The Great Derangement – Amitav Ghosh

The Great Derangement: Climate Change and the Unthinkable. Amitav Ghosh. Penguin Random House India. 275pp. ₹399. 2016. ISBN 9780670089130

When the Swedish astronomer Pehr Wilhelm Wargentin put a thermometer outside his window in January 1756 to begin measuring average monthly temperatures, he began one of the world’s longest observation series. That January, Wargentin noted a “rather changeable winter this month”. Approximately 260 years later, Sweden could be said to be experiencing a rather changeable summer, with temperatures in July being 10°C above normal. A town in Norway, located at 70°N, beyond the Arctic Circle, recorded 32°C. Utsjoki, again, north of the Arctic Circle, recorded 33.3°C. Further south, in Greece, wildfires claimed the lives of 96 people. Gianis Labropoulos, a person who found himself engulfed by fire, spoke of suddenly “feel[ing] the heat and see[ing] the fire”, while “branches and debris [were] hitting the car”. Likewise, as the BBC reports, Argyro Moustaka Brettou’s mother and aunt were “screaming that they were going to be burned alive”. He was anxious and scared while rushing back to the house to help, shouting that his mother is being burned alive, as his car came to a standstill in jam-packed streets, unable to move forward. Meanwhile, his phone battery died. Waiting was a “living hell”. In Japan, 65 people were killed in a single week, while 22,647 had to be taken to the hospital, as the heatwave spread. Shizuko (93) and Miyoko Ogata (84) passed away in their home. Unnoticed. In Quebec, 54 died. On July 5, Algerian city of Ourgla simmered at 51.3°C.

Homes were destroyed, the earth was in flames, streets were flooded, volcanoes erupted, forests were destroyed, animals collapsed. New details of the same old story. The ostentatious extremes of these events conceal their continuity, as the slow violence of climate change unravels year after year. The silence of the crowd is deafening. We are at an impasse.

Amitav Ghosh’s book indicts as it attempts to articulate this impasse. In three parts of the book, which originated as lectures given in 2015 at the University of Chicago, Ghosh reflects on the literature, history, and politics in the time of carbon-accumulation and climate change.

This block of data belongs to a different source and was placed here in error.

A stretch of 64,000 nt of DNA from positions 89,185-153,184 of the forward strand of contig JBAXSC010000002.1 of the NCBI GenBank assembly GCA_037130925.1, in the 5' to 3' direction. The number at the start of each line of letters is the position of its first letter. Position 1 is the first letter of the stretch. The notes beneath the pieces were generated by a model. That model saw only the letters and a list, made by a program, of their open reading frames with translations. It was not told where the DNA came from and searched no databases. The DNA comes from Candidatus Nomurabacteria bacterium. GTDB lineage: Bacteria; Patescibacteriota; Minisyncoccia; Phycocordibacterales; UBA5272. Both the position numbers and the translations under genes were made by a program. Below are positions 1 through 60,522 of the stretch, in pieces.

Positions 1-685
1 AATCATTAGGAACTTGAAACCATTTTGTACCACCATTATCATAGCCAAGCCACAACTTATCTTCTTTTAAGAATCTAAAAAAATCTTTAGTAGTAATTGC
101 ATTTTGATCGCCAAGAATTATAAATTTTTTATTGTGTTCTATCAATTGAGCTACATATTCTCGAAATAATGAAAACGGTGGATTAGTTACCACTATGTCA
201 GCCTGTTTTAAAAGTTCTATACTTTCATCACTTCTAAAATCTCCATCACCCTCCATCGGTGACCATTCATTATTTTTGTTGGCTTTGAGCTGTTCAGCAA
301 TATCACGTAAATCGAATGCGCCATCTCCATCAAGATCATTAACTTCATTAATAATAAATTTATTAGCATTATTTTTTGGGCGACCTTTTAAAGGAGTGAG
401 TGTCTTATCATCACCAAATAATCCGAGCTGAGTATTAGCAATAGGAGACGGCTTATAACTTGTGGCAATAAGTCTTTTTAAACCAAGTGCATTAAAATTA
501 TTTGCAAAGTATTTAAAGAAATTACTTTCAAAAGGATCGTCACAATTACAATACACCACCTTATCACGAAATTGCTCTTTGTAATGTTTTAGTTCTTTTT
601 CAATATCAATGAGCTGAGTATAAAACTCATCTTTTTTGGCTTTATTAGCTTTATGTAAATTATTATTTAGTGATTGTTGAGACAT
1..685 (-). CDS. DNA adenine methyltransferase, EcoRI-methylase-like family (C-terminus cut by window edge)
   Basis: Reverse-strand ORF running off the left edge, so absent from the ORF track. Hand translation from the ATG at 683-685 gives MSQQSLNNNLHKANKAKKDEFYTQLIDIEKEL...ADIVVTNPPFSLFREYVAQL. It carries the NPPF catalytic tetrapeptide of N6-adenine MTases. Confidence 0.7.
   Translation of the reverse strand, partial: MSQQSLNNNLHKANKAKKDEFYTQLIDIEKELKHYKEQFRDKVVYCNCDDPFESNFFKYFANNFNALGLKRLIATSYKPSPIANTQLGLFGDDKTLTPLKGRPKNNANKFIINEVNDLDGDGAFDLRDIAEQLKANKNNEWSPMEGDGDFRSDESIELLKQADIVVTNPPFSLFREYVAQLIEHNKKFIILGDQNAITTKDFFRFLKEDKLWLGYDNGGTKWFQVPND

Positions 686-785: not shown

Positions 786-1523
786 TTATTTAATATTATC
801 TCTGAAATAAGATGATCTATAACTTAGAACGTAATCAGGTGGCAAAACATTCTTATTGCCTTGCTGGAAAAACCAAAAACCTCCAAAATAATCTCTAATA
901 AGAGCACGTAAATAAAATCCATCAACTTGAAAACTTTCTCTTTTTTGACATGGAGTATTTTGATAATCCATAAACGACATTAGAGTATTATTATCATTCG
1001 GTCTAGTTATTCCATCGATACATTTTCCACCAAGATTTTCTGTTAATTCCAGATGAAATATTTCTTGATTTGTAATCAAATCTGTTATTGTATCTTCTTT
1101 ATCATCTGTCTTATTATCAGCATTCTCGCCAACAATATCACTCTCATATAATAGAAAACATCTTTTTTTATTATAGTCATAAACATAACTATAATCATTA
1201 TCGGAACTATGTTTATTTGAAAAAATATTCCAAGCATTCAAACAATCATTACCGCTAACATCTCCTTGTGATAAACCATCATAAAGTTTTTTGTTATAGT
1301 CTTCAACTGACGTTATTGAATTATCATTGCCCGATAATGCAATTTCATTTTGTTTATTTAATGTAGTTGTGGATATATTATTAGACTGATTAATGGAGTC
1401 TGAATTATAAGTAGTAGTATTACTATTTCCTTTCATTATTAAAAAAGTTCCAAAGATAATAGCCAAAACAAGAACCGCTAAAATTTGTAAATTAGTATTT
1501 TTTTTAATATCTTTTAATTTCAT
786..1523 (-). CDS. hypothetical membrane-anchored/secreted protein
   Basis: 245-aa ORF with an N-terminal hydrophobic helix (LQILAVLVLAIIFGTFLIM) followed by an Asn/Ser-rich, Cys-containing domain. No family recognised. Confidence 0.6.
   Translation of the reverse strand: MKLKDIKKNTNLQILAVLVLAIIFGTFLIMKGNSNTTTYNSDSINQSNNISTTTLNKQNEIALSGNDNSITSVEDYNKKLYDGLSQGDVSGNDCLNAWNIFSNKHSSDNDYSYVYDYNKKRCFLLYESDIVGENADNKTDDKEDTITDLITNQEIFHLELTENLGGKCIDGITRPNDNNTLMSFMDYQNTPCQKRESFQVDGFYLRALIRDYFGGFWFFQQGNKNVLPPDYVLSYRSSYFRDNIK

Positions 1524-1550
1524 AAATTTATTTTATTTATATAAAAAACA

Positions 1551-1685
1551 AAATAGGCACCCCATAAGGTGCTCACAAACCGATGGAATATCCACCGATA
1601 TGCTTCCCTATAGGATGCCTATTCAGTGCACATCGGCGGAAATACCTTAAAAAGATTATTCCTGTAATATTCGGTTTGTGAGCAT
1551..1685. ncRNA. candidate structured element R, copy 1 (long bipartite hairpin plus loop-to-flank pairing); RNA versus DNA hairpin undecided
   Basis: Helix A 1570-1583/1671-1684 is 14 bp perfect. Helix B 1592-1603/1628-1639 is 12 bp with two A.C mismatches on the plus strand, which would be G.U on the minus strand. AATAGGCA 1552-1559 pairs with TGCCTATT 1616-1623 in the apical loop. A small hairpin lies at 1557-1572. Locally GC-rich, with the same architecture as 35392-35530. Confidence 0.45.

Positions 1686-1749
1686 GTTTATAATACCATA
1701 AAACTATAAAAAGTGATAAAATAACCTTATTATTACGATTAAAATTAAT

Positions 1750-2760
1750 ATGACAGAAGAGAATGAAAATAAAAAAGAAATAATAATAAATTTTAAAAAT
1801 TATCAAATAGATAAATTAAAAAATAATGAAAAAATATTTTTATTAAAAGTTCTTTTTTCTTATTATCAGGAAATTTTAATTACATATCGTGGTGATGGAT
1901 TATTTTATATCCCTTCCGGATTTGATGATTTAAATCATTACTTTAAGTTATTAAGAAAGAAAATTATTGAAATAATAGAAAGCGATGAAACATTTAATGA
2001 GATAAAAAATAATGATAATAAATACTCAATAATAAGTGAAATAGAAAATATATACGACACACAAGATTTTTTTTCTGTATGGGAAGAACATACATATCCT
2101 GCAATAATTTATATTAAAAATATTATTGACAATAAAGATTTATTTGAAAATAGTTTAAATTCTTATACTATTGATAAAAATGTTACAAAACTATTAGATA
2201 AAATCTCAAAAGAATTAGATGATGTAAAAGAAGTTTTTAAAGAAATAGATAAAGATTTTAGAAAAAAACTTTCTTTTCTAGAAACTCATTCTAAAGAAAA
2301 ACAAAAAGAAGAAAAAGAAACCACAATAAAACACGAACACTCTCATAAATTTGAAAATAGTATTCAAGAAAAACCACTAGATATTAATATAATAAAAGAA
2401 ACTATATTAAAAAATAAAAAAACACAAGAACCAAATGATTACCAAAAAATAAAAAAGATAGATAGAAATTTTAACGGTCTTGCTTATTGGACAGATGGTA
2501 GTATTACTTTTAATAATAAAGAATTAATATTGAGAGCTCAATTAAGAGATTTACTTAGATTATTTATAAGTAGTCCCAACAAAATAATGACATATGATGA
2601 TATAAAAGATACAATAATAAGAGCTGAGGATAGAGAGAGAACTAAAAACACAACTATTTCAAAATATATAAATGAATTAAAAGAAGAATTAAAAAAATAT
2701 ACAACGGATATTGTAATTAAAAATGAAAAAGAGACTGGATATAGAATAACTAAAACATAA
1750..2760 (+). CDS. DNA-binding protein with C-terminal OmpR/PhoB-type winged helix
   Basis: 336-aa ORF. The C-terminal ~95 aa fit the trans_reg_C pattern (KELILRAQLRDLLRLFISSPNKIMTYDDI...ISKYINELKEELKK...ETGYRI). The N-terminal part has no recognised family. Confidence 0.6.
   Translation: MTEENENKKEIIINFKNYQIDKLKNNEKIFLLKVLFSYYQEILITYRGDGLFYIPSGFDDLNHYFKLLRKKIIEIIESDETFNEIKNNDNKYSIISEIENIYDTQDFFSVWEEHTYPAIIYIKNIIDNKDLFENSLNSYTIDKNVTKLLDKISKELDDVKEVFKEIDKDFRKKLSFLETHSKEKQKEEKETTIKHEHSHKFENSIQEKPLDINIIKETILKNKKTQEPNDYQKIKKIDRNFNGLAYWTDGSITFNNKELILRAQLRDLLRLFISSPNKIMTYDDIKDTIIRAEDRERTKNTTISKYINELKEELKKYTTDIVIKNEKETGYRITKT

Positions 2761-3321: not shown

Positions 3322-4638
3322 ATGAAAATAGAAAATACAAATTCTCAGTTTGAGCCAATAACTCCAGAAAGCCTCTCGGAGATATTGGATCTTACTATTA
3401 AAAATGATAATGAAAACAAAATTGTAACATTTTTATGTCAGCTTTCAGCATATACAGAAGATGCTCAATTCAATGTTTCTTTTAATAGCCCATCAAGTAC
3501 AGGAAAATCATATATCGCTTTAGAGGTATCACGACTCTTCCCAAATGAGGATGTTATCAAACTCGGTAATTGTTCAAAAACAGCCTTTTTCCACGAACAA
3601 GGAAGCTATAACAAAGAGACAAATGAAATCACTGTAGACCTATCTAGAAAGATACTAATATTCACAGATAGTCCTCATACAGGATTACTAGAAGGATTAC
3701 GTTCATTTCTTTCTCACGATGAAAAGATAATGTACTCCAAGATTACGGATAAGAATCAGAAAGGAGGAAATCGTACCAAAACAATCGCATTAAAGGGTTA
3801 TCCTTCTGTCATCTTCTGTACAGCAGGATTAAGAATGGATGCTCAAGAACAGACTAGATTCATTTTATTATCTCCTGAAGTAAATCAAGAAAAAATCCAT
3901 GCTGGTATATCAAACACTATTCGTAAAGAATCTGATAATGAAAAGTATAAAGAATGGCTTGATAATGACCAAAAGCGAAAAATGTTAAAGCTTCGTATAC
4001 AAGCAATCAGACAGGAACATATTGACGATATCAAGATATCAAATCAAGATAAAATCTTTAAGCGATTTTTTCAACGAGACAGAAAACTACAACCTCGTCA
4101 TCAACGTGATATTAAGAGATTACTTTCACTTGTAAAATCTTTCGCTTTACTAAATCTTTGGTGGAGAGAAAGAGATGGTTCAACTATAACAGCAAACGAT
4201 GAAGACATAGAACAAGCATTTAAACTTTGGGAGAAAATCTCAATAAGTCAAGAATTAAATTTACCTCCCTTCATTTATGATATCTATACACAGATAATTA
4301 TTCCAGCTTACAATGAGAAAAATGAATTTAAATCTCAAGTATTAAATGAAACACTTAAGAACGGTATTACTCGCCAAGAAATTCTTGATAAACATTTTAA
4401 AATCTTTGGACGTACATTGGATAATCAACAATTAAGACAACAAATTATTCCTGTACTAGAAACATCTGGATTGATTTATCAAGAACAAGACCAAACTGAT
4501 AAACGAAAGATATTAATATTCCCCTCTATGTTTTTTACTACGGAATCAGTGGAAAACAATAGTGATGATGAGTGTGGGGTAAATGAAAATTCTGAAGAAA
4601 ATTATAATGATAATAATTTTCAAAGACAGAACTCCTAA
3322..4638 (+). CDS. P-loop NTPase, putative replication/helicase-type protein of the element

In Part I, “Stories”, Ghosh analyzes the ‘literary novel’ as a limiting form incapable of taking into account the era of climate change due to its very style of narration. Novels proceed, according to Ghosh, by concealing “the exceptional moments that serve as the motor of narrative” (p.22) through fillers. Fillers act to normalize the narrative and insert regularity of everyday life into the foreground. Therefore, while modern life is rationalized into existence, the climate is forced into the background with its assumed stability. By giving way to gradual change and regularity, the literary novel fails to account for Nature’s catastrophism, that is, sudden turn of events of ‘unrepeatable uniqueness’. Through gradualism and fillers, the modern novel reproduces the bourgeois life in isolation, assuming a consistent flow of natural resources that fuel it. One simply needs to remember the natural origin of ‘fillers’, be they iPhones or other more mundane necessities of the everyday bourgeois life, such as the car.

Ghosh criticizes the modern ‘literary novel’ for being focused on the ‘individual moral adventure’ over ‘men in aggregate’ (p.104). By isolating the individual it leads to her separation not only from the aggregate but also from Nature, thereby creating an ever deeper gulf between Nature and Culture, with the former belonging to the sciences and the latter to the human. How can then, Ghosh asks, the aggregate cause of global warming be addressed by reference to aggregate action necessary to stop and reverse its flow? Likewise, this suppression of hybrids (p.95) makes the telling of the story of climate change difficult for the literary novel. Words such as oil, naphtha, bitumen, and to an extent coal, cannot fit within the narrative conventions of the novel. They do not ‘taste’ nice if you will. What Ghosh hopes for then, is the emergence of new hybrid forms that will alter the act of reading the novel (p.113).